Verticillium wilt has become a serious threat to hop production in Europe due to outbreaks of lethal wilt caused by a highly virulent strain of Verticillium albo-atrum. In order to enhance our understanding of resistance mechanisms, the fungal colonization patterns and interactions of resistant and susceptible hop cultivars infected with V. albo-atrum were analysed in time course experiments. Quantification of fungal DNA showed marked differences in spatial and temporal fungal colonization patterns in the two cultivars. Two differential display methods obtained 217 transcripts with altered expression, of which 84 showed similarity to plant proteins and 8 to fungal proteins. Gene ontology categorised them into cellular and metabolic processes, response to stimuli, biological regulation, biogenesis and localization. The expression patterns of 17 transcripts with possible implication in plant immunity were examined by real-time PCR (RT-qPCR). Our results showed strong expression of genes encoding pathogenesis-related (PR) proteins in susceptible plants and strong upregulation of genes implicated in ubiquitination and vesicle trafficking in the incompatible interaction and their downregulation in susceptible plants, suggesting the involvement of these processes in the hop resistance reaction. In the resistant cultivar, the RT-qPCR expression patterns of most genes showed their peak at 20 dpi and declined towards 30 dpi, comparable to the gene expression pattern of in planta detected fungal protein and coinciding with the highest fungal biomass in plants at 15 dpi. These expression patterns suggest that the defence response in the resistant cultivar is strong enough at 20 dpi to restrict further fungus colonization.

  13. Quality control procedures for dose-response curve generation using nanoliter dispense technologies.

    PubMed

    Quintero, Catherine; Rosenstein, Craig; Hughes, Bethany; Middleton, Richard; Kariv, Ilona

    2007-09-01

    With the advancement of high-throughput biomolecular screening techniques to the lead optimization stage, there is a critical need to quality control (QC) dose-response curves generated by robotic liquid handlers to ensure accurate affinity determinations. One challenge in evaluating the performance of liquid handlers is identifying and validating a robust method for testing dispense volumes across different instruments. Although traditional automated liquid handlers are still considered the standard platform in many laboratories, nanoliter dispensers are becoming more common and pose new challenges for routine quality control procedures. For example, standard gravimetric measurements are unreliable for testing the accuracy of nanoliter liquid dispenses. However, nanoliter dispensing technology allows for the conservation of compound, reduces compound carryover from well to well through discrete dispenses, and eliminates the need for intermediate compound dilution steps to achieve a low final DMSO assay concentration. Moreover, an intermediate dilution step in aqueous solution might result in compound precipitation at high concentrations. This study compared representative automation procedures done on a variety of liquid dispensers, including manual, traditional, and nanodispense volumes. The data confirmed the importance of establishing robust QC procedures for dose-response generation in addition to accuracy and precision determinations for each instrument, and they validated the use of nanoliter pipettors for dose-response testing. The results of this study also support the requirement for thorough mixing during serial compound dilutions prepared for high-throughput lead optimization strategies using traditional liquid handlers.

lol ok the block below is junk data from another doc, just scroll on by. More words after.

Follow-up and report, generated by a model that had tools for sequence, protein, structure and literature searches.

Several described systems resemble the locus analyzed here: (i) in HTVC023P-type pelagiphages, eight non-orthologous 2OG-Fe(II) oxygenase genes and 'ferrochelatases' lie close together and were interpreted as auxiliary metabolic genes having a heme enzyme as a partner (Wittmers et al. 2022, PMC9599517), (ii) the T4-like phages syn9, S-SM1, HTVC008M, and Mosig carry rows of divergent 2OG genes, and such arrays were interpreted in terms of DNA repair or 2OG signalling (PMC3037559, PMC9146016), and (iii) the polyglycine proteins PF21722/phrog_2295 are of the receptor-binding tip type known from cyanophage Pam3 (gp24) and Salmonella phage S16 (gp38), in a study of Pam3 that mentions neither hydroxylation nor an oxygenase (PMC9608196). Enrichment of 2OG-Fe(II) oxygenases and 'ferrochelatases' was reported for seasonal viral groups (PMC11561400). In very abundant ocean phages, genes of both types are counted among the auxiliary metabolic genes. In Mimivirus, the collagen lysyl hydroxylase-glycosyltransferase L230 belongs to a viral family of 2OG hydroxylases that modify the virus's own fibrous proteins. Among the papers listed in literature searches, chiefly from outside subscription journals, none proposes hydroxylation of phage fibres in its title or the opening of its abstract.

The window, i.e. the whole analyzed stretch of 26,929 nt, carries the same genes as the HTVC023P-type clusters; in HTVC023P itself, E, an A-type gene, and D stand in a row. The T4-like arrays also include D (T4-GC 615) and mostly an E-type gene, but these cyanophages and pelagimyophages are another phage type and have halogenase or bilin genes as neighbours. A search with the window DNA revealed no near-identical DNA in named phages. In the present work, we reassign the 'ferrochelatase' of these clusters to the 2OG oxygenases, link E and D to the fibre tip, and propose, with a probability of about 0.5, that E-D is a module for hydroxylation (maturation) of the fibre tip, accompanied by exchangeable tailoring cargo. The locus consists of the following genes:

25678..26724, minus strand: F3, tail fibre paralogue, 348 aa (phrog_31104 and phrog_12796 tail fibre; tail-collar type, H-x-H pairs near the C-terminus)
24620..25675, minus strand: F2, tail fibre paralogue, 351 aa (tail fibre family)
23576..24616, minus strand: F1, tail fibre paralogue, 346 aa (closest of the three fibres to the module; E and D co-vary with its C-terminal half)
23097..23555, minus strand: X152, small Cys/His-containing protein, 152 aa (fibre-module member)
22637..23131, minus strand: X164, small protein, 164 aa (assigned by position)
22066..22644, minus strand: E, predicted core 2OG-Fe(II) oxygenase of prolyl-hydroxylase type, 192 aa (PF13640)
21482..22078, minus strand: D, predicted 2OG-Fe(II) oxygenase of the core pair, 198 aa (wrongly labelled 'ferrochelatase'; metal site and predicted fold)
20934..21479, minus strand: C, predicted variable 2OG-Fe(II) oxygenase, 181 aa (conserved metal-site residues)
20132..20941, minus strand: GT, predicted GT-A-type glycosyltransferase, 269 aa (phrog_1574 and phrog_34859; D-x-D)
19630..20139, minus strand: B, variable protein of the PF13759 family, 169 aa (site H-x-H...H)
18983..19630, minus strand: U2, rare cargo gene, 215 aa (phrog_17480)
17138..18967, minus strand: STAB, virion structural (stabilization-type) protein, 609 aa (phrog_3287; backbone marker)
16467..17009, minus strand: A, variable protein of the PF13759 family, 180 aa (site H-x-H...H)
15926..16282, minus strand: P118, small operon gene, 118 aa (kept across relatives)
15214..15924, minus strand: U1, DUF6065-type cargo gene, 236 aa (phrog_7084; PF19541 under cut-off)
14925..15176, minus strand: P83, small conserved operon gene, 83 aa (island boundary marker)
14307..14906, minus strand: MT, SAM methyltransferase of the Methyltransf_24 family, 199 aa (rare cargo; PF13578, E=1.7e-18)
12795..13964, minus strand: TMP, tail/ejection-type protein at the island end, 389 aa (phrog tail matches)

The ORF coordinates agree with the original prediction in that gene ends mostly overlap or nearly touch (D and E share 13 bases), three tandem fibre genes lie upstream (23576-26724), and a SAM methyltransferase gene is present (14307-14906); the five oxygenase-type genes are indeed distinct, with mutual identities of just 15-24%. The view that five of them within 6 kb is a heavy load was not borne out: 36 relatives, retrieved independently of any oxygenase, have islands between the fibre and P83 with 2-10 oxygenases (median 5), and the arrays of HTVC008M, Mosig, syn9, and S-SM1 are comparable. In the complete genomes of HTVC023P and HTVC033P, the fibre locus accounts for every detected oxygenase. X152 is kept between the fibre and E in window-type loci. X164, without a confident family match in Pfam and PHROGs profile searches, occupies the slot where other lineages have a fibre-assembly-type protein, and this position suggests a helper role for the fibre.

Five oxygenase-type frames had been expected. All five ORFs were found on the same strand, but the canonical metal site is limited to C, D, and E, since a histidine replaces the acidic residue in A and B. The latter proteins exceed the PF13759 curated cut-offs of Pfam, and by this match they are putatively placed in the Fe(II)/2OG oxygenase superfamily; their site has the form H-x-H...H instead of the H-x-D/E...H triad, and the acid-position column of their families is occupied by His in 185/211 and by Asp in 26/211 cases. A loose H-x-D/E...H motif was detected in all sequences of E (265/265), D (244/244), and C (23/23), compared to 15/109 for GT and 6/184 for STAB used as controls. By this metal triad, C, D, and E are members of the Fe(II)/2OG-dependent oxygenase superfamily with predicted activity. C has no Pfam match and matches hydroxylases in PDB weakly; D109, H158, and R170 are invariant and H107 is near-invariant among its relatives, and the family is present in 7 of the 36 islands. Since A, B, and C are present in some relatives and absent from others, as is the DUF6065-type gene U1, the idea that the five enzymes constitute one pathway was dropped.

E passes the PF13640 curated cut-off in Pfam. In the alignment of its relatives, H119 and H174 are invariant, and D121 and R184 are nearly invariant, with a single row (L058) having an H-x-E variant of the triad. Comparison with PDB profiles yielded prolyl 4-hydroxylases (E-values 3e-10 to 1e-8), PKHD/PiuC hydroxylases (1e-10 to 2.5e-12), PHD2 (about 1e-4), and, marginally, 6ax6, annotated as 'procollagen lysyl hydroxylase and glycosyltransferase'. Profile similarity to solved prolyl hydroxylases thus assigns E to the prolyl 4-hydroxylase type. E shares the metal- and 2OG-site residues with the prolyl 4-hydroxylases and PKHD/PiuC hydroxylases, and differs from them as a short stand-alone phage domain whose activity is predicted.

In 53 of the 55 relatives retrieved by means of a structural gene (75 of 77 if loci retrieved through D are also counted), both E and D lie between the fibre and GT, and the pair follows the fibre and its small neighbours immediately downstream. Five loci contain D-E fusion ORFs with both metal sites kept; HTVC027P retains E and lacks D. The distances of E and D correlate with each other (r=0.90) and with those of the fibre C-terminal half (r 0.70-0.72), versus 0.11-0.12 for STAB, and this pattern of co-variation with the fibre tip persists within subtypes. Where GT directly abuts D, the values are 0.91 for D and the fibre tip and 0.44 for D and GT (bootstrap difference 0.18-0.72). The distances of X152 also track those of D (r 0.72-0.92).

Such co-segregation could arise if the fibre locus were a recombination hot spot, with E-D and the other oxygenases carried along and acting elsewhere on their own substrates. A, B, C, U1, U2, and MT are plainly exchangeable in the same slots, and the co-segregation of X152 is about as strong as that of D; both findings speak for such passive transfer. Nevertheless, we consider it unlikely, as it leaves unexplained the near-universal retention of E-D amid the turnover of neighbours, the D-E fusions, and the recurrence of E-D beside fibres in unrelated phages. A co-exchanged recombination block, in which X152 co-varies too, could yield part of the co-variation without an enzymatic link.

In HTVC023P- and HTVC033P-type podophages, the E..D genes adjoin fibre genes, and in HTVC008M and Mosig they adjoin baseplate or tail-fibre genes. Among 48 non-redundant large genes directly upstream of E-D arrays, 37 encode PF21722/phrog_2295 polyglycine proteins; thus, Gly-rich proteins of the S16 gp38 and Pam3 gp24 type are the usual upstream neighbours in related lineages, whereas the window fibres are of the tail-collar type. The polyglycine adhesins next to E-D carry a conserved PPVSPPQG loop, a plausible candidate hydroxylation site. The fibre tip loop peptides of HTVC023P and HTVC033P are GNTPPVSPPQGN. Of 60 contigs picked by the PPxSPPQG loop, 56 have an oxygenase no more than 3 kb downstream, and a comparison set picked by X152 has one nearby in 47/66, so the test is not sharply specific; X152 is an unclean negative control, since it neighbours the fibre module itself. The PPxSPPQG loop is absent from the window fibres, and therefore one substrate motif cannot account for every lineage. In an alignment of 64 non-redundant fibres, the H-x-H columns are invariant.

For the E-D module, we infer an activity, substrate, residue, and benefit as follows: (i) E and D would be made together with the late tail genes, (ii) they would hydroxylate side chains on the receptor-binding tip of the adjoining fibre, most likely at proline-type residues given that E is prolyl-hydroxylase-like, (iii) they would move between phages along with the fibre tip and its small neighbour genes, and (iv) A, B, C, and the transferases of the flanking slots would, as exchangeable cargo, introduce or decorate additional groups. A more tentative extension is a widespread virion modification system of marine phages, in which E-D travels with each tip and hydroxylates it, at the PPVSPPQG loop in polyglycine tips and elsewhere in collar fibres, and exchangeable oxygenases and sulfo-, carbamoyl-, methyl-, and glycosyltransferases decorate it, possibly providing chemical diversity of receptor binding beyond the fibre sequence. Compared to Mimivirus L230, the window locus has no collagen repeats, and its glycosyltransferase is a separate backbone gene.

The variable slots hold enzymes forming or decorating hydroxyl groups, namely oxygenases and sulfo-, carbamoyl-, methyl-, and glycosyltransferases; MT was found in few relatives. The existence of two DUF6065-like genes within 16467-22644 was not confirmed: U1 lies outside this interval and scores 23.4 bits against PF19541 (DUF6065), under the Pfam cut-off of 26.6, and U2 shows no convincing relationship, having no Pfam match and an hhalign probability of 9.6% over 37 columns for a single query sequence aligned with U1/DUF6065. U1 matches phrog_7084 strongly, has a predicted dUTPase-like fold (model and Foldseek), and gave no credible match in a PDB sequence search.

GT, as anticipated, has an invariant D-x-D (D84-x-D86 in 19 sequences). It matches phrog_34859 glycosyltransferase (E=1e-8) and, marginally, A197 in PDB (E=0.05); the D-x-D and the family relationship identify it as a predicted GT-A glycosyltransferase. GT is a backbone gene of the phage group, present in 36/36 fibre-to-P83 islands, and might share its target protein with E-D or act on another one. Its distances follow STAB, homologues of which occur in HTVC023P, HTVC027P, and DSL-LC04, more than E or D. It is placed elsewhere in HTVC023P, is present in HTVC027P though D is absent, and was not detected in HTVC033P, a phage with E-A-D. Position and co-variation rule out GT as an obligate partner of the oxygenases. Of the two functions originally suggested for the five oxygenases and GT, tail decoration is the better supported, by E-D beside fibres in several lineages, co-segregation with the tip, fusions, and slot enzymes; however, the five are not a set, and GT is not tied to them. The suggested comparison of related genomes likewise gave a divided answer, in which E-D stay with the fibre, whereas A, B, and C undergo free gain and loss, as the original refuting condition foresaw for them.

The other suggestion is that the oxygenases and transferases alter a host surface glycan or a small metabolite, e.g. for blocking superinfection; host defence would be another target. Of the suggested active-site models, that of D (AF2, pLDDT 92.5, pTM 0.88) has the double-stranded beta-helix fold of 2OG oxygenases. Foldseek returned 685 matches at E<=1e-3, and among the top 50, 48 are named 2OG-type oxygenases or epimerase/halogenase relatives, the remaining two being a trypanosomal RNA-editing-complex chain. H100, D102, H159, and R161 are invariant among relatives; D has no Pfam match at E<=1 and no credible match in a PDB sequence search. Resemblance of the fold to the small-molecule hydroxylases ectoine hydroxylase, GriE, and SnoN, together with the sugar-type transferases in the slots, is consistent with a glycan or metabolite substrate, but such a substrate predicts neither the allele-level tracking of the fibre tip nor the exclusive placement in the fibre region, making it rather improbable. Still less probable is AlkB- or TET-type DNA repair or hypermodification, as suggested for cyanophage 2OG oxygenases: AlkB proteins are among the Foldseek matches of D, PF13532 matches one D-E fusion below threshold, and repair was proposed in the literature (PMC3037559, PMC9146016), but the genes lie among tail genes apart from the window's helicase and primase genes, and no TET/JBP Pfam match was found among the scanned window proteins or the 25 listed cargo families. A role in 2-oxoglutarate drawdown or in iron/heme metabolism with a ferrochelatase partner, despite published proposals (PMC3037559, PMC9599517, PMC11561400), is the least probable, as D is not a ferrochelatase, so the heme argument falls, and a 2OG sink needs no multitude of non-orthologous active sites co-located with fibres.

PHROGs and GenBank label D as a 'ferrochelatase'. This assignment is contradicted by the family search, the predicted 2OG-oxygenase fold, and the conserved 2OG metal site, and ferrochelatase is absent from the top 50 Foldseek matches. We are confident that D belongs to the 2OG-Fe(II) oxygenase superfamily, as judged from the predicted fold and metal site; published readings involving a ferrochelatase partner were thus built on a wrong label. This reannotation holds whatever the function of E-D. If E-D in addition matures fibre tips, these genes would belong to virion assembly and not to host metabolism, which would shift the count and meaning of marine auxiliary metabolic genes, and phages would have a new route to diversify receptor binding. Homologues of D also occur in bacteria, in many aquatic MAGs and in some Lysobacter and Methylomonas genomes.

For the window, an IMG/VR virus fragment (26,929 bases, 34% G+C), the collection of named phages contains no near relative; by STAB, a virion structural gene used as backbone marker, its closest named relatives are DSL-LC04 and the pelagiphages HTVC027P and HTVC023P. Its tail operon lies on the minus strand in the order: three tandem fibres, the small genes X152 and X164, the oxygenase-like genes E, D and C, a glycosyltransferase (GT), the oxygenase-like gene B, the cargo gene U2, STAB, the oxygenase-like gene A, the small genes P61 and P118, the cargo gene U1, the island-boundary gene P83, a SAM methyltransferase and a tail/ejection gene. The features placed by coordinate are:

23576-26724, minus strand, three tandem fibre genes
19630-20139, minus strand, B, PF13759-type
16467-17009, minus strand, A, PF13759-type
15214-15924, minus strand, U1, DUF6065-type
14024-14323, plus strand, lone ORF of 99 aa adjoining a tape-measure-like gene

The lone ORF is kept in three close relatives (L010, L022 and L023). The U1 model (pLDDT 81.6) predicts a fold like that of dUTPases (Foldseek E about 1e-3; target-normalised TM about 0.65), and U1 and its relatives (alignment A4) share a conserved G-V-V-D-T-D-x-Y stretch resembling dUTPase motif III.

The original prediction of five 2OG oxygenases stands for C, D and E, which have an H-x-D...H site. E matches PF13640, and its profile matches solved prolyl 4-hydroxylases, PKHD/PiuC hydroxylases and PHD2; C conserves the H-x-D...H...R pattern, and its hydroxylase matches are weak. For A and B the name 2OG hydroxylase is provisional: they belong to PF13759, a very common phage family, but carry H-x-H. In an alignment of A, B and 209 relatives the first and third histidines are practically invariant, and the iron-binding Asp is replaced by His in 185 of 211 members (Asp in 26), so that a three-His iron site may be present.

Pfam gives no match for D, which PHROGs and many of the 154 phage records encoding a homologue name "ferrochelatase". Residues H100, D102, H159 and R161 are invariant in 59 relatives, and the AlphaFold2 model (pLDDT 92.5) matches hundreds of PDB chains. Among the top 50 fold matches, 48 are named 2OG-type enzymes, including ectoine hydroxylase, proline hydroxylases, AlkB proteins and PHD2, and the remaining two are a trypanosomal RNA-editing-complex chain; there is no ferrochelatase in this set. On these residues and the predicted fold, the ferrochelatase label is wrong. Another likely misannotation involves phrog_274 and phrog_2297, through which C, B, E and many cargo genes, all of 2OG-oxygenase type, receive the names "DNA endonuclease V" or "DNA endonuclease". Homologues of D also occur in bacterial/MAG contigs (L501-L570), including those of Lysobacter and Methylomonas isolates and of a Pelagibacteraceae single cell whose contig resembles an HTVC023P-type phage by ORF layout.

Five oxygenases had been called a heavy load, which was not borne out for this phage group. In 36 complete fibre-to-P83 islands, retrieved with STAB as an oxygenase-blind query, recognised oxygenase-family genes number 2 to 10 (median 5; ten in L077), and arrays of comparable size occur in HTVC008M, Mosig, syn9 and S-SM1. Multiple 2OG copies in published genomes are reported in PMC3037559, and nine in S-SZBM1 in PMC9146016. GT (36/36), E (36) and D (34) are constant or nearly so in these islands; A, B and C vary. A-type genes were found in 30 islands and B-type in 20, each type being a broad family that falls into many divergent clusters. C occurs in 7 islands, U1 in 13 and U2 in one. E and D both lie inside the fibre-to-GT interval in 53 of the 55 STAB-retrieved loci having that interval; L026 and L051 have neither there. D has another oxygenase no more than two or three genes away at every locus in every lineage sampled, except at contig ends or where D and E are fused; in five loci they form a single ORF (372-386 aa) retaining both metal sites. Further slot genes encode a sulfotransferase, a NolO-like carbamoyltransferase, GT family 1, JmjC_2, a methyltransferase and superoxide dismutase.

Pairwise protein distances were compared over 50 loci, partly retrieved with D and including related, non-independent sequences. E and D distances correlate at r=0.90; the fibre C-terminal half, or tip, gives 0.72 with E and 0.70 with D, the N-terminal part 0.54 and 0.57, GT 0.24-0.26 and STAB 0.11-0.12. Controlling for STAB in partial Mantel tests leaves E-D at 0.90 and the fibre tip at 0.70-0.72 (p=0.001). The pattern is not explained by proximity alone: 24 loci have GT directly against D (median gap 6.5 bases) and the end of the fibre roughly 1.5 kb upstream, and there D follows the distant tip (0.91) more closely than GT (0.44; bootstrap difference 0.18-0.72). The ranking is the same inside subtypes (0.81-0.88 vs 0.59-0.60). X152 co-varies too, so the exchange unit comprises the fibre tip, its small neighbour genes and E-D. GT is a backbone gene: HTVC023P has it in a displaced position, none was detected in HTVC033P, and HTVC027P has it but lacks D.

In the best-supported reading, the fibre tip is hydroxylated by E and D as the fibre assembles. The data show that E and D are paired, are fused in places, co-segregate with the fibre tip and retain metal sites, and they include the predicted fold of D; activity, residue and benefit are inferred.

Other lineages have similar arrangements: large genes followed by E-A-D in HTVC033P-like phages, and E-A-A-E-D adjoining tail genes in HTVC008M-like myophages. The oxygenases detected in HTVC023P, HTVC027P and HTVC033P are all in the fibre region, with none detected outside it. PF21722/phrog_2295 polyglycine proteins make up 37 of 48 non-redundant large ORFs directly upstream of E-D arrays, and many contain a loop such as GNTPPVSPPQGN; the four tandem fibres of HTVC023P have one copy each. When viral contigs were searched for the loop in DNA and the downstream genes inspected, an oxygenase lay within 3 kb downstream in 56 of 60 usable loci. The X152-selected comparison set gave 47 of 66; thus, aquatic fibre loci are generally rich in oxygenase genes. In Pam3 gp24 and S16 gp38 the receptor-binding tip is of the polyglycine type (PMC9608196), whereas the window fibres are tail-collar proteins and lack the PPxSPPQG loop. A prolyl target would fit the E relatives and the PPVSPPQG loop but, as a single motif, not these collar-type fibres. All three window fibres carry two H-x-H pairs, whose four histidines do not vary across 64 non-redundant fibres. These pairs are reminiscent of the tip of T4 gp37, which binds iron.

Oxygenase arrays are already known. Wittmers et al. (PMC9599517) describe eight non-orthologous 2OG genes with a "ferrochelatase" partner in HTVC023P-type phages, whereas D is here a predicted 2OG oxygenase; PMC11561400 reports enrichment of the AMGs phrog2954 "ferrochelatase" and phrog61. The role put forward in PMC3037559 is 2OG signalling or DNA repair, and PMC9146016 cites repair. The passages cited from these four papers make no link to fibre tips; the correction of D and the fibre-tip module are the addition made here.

14. Asbestos and multi-walled carbon nanotubes generate distinct oxidative responses in inflammatory cells

    PubMed Central

    Funahashi, Satomi; Okazaki, Yasumasa; Ito, Daiki; Asakawa, Atsushi; Nagai, Hirotaka; Tajima, Masafumi; Toyokuni, Shinya

    2015-01-01

    Asbestos exposure is considered a social burden by causing mesothelioma. Despite the use of synthetic materials, multi-walled carbon nanotubes (MWCNTs) are similar in dimension to asbestos and produce mesothelioma in animals. The role of inflammatory cells in mesothelial carcinogenesis remains unclear. Here, we evaluated the differences in inflammatory cell responses following exposure to these fibrous materials using a luminometer and L-012 (8-amino-5-chloro-7-phenylpyrido[3,4-d]pyridazine-1,4-(2H,3H) dione) to detect reactive oxygen species (ROS). Rat peripheral blood or RAW264.7 cells were used to assess the effects on neutrophils and macrophages, respectively. Crocidolite and amosite induced significant ROS generation by neutrophils with a peak at 10 min, whereas that of chrysotile was ~25% of the crocidolite/amosite response. MWCNTs with different diameters (~15, 50, 115 and 145 nm) and different carcinogenicity did not induce significant ROS in peripheral blood. However, the MWCNTs induced a comparable amount of ROS in RAW264.7 cells to that following asbestos treatment. The peaks for MWCNTs (0.5–1.5 h) were observed earlier than those for asbestos (1–5 h). Apocynin and superoxide dismutase significantly inhibited ROS generation for each fiber, suggesting an involvement of NADPH oxidase and superoxide. Thus, asbestos and MWCNTs induce different oxidative responses in inflammatory cells, indicating the importance of mesothelial cell evaluation for carcinogenesis. PMID:25759516

  15. Genetic and demographic responses of mosquitofish (Gambusia holbrooki) populations exposed to mercury for multiple generations